The voter turnout was astonishingly low despite the massive amount of money spent on television ads and the large quantity of social media madness.  A friend of mine who always votes immediately took to Facebook to tell all the non-voters to just “stfu.”  If you don’t know what that means, you can consult your urban dictionary.  We are trying to keep a “G” rating here.

Illinois counties
Credit: Wikimedia Commons

“I am surprised,” said Cook County Clerk David Orr of the low turnout.  The county estimate late in the voting day was 23 percent.  Cook County contains Chicago and suburbs so the one county of 102 counties can pretty much determine the outcome of statewide races.  Imagine if we had double the turnout and they all voted for someone other than the eventual winner.  All races would have a different candidate and the voter turnout would still be less than half.

The county clerk thinks that all of the negative advertising has a negative effect on voters.  If you think all candidates are bad, why vote?  The days of voting for the “lesser of two evils” seems to be gone.  If voters don’t like the choices, they stay home.

If you think Millennials are going to bail us out in the future, you might wish to think again.  Their voter turnout was pegged at about 3 per cent.  THREE per cent!  You might get them to register to vote at voting drives on college campuses and some local hot spots, but getting them to actually vote seems to be another matter.

Voters between 54 and 74 helped to bring up the percentage.  The turnout in this age group was 42 per cent.  OK, we care about the outcome and we want to get rid of as many bad politician as possible.  Our numbers, however, are dwindling and so is our influence.  When we are gone, who will be voting?  Will ten percent of the population decide for everyone?  We know extremists with a rabid fan base will get voters out, how about the sane ones?

When I arrived at the polling place in the local grade school near the house, I noted that you had to go up stairs to get in and then down stairs to the polling area.  It is not what you would call handicapped accessible.  I know there is a handicapped entrance as it is a public school, but I believe it is on a different side of the large building.  This has been my polling place for almost 40 years.  Now the stairs bother me and friends say I should report this to the Board of Election Commissioners.  That would be the democrats who help decide where all these polling places are put.  They must have heard the complaint by now.

We have paper ballots where you fill in the arrow for the candidate you want with a fine tipped black marker.  I took the large sheet of paper for the Democratic primary to the voting booth where I could sit rather than stand.  There was no one else there, so why not?  I carefully considered the list of billionaires and multi-millionaires running for governor.  The favorite was J. B. Pritzker, billionaire businessman and venture capitalist.  He hopes to unseat billionaire Governor Bruce Rauner, businessman and venture capitalist, in the fall.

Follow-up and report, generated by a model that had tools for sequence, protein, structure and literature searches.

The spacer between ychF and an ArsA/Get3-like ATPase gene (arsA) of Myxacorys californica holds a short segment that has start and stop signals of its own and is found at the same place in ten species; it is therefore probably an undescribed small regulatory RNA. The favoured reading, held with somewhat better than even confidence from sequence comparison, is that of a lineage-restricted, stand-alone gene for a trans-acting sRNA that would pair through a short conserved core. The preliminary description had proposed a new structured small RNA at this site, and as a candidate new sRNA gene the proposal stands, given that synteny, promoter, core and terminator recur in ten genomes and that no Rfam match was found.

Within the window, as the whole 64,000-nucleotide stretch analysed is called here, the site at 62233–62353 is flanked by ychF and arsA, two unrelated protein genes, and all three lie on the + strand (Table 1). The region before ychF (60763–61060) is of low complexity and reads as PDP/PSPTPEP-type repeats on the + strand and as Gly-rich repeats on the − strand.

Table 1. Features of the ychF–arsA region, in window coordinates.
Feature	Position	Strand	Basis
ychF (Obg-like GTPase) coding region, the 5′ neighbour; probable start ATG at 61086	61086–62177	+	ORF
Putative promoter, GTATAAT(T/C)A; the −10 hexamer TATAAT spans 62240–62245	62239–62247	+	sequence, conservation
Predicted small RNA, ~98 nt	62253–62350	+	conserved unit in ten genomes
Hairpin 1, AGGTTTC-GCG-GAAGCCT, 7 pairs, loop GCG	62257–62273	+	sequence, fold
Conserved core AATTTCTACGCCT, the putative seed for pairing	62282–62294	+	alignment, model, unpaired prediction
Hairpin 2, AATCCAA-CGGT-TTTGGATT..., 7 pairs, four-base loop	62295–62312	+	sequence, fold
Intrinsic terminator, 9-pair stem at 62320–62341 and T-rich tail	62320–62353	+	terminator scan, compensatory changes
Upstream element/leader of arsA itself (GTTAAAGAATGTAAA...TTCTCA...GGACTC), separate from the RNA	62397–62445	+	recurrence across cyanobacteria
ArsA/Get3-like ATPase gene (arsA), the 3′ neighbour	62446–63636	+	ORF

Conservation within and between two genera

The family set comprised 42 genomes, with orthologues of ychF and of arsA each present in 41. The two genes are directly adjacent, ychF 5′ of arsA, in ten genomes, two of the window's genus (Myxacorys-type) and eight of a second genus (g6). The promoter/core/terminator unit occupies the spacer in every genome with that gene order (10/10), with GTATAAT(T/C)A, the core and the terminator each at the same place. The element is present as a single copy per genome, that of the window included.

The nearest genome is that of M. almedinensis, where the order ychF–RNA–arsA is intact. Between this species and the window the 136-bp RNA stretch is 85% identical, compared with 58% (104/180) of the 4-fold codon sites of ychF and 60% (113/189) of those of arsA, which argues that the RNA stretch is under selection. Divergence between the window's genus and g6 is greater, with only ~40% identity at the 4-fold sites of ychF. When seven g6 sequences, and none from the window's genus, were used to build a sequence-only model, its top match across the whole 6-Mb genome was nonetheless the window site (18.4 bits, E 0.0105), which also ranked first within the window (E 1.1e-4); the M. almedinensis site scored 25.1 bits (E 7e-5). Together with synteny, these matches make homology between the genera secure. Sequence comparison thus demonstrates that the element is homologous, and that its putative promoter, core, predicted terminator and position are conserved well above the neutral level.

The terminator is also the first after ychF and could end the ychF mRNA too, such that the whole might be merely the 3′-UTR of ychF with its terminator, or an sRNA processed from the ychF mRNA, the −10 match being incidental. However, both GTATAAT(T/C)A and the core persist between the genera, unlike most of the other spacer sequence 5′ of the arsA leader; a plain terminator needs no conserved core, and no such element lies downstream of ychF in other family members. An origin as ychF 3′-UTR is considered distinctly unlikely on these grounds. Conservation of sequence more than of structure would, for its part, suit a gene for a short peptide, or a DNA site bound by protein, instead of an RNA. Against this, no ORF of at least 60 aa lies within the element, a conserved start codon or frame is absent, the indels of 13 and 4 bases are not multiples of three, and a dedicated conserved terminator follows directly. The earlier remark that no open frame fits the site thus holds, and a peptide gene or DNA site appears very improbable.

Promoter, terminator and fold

The Pritzker family is well-known for philanthropy.  I know this by the amount of things that have their name on it in Chicago.

Chicago businessman Chris Kennedy – Photo: Charles Rex Arbogast

Despite the 70 million dollars in ads bought by Pritzker with his own money, I decided to vote for Chris Kennedy, son of the late Senator Robert Kennedy.  No one here considers him a carpetbagger, by the way.  He met his wife at Boston College and after graduation in 1986, he married her and moved to Decatur, Illinois.  Decatur!

For years he ran the Merchandise Mart properties.  The Merchandise Mart in Chicago is the largest commercial building in the world. He has been involved in various local and civic causes.  He was not liked by the establishment and did not have the kind of money Pritzker had for ads.  He lost.

After I turned in my ballot and headed out of the polling place, there were a couple more voters there, but I did not get a good look.  From a distance they looked like Boris and Natasha, but I did not think those two lived in my precinct.  Anyway, the turnout was sparse.

Outside there were political operatives handing out polling cards or “palm cards” to voters.  These are cards you can take into the polling place so you can vote for the candidates endorsed by the Democratic Party. This is a long and time-honored tradition here.  It probably has less influence than in the Mayor Daley era.